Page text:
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Is Russia’s New Su-57 Stealth Fighter Going to War in Ukraine?

Su-57
Su-57. Image Credit - Creative Commons.

Russia’s Su-57 Stealth Fighter – Ready for War in Ukraine? There have been some observers shooting videos of what they think are Su-57 Felon fighters over Ukraine escorting bombers for an attack run at targets to support the invasion. These are unconfirmed reports and on February 24, the India Today media outlet has fact-checked that video shared by many and determined that it is actually old footage that was shot before the invasion.

That’s why it is important not to overreact to early footage posted on social media from any war. One thing is certain, Su-57s, if employed by Russia, would be conducting their first employment aside from when they flew in Syria, where they were tested and not used in combat.

Su-57 Not Likely to Be Deployed During Ukrainian Invasion

But will Su-57s actually be used over Ukraine? Military Watch magazine said on February 17 that the aerial combat order of battle for the Russians would be focused on Su-35s and not Su-57s.

“The presence of multiple Su-35 squadrons are expected to both ensure total air superiority over Ukraine within hours, potentially deterring Ukrainian fighter from taking off at all, while also serving as a deterrent to possible intervention by NATO member states. Notably missing from any expected Russian intervention force, however, is the country’s newest and most capable fighter the Su-57 Felon which is its fifth-generation combat jet.”

Su-57 – The Numbers Aren’t There

Military Watch said that Su-57s just do not have the numbers to form a squadron and that they “lack operational readiness” and are “far from ready for a major war.” The Russian Air Force will instead “….test new technologies and armaments and familiarize the Russian military with their next generation systems.”

Specifications of the Su-57

The Su-57, made by Sukhoi, is a single-seat, twin-engine fighter with stealth characteristics. It’s not believed to be as stealthy as its competitors such as the American F-22 and F-35 or the Chinese J-20. The Su-57 will replace the MiG-29s and the Su-27s in Russia’s fleet.

Powerful Engines On-board

The two Saturn AL-41F1 afterburning turbofan engines can produce nearly 20,000 pounds of thrust and speeds of MACH 2. The range is 2,200 miles with a 66,000 foot ceiling.

It Has the Arms You’d Expect

The Su-57 can hold munitions outside and inside the airplane. It is able to carry an assortment of different missiles (anti-ship, air-to-air, and anti-radiation) plus guided and unguided bombs.

The Ukrainian Air Force Is Weak

The Su-57 may not even be needed in the Ukraine aerial campaign because the Ukrainians only have 125 aging fighter planes inherited from the Soviet Union with no fifth-generation fighters. Ukraine has not developed its own new fighter plane in decades – not since 1991.

The New Su-57 Fighter Is Still in Testing Mode

The Russians may still decide to test the Su-57 over Ukraine like they did in Syria without it engaging in combat. This could be a likely scenario as Russia’s air force could collect data on airworthiness. The Su-57 has only been in service with the Russians since 2020. They have hopes of producing 75 Su-57s by 2030.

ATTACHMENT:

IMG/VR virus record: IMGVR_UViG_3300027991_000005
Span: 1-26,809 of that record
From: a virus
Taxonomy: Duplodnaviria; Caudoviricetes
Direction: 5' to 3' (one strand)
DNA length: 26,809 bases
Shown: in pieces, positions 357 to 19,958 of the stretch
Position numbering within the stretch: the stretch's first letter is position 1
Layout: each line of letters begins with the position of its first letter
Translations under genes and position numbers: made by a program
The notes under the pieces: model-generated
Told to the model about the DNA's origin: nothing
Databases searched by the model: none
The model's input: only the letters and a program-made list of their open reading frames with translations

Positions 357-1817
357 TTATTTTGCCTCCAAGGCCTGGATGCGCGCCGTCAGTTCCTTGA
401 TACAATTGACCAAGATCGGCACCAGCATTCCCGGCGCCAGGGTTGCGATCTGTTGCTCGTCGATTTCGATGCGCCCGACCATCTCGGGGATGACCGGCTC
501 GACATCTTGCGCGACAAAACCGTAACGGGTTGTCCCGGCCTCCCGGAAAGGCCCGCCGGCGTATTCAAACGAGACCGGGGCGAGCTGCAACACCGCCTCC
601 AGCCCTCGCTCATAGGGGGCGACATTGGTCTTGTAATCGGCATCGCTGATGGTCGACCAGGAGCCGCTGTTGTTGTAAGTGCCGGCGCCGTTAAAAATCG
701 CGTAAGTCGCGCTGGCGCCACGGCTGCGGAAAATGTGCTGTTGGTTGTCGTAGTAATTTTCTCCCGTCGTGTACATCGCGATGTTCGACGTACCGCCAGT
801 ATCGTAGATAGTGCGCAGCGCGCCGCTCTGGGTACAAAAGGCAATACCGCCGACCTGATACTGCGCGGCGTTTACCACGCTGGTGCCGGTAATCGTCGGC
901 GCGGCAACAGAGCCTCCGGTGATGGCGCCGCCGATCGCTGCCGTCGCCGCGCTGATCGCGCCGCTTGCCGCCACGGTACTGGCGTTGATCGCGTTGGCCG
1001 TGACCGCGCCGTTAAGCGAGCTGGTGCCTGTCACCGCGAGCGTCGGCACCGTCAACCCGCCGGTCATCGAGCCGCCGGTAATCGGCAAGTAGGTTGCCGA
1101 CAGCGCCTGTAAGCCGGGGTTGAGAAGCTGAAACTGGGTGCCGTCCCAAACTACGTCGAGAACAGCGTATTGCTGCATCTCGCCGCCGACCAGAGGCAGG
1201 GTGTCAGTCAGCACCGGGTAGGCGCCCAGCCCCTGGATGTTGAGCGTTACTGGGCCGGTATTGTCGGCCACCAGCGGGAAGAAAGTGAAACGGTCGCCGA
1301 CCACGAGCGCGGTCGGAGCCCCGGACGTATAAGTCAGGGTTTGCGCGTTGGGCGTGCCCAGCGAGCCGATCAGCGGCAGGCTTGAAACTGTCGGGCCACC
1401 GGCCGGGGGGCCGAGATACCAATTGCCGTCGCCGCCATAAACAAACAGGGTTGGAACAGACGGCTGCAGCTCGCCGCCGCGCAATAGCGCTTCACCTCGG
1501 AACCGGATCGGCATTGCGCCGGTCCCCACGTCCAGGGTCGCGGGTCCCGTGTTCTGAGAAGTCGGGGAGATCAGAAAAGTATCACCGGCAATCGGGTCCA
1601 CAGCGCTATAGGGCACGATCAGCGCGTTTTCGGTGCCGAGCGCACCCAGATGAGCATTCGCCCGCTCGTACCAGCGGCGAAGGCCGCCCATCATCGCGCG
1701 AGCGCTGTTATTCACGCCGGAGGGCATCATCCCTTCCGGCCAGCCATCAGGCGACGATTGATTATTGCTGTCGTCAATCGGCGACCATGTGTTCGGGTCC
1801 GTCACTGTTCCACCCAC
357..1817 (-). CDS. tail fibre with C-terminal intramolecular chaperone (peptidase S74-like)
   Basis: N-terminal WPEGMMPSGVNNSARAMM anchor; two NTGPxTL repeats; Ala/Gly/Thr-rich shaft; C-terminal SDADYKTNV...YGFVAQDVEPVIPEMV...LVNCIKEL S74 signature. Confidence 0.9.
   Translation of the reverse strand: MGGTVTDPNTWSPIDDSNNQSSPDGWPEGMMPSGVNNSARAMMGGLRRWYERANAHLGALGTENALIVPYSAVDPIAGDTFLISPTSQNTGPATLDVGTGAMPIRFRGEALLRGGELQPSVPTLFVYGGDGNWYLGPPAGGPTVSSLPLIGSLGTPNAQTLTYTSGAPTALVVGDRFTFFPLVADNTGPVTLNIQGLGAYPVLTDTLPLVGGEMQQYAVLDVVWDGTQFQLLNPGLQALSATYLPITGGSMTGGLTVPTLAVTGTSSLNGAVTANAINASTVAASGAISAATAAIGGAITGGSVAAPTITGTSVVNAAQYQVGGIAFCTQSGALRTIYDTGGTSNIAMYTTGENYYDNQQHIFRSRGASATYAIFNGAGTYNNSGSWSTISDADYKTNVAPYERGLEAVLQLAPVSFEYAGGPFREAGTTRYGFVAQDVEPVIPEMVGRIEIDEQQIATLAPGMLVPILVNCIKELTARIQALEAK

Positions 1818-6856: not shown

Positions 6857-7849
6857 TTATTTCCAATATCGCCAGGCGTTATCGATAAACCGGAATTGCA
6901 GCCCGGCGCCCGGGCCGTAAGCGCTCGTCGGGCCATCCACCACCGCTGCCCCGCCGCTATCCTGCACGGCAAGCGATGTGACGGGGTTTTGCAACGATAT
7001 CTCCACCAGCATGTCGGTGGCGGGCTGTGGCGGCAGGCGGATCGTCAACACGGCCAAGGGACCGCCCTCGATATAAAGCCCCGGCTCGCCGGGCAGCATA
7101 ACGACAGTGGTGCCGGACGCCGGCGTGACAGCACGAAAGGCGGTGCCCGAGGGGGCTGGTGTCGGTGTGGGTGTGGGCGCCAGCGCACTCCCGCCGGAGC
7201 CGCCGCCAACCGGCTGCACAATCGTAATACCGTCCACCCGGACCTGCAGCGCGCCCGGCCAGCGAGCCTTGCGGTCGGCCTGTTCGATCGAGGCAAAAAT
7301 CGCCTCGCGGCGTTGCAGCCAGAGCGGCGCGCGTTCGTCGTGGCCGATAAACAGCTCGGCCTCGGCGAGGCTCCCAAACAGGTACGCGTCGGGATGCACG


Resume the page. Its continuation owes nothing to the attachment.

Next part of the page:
Su-57 Stealth

AL-41F1 engine compressor stall at MAKS-2011.

Su-57 Stealth

Russia’s Su-57 Stealth Fighter. Image: Creative Commons.

Su-57 Stealth Fighter

Image: Creative Commons.

But it has to be frustrating for the Russians that its top fighter is not ready for combat. They will likely have air superiority over Ukraine without the need for anything stealthy. They probably wanted to use the Su-57 in a bombing role as it could evade radar and destroy targets deep inside Ukraine.

Now serving as 1945’s Defense and National Security Editor, Brent M. Eastwood, Ph.D., is the author of Humans, Machines, and Data: Future Trends in Warfare. He is an Emerging Threats expert and former U.S. Army Infantry officer. You can follow him on Twitter @BMEastwood.

Written By

Now serving as 1945s New Defense and National Security Editor, Brent M. Eastwood, PhD, is the author of Humans, Machines, and Data: Future Trends in Warfare. He is an Emerging Threats expert and former U.S. Army Infantry officer.

3 Comments

3 Comments

  1. JT Strong

    February 25, 2022 at 12:28 am

    I still say that the Felon is son of Lightening II: the XF-23.

  2. Alex

    February 25, 2022 at 7:35 am

    Rave. SU-57 is no one’s son. Against whom should he fight in Ukraine? Against a pair of old and rusty Soviet S-27s?

  3. Zee

    April 22, 2022 at 6:35 pm

    Are Russian sorry they did not invest in stealth – I am guessing that they mainly built defensive weapons so stealth even Vs F-35 or F-22 was not needed as SAM’s would have be enough deterrent. However, for Ukraine’s ,bit late, but they must be frustrated that they lacked stealth but also formidable drone technology Vs even simpler, less capable Turkish drones.
    The war is showing that they lack and far behind in modern warfare with Int gathering to countermeasure and using dummy weapons to exhaust Ukraine’s MANPADS etc Is this lack of training, poor equipment or truth being money was waisted in so called the modernization program

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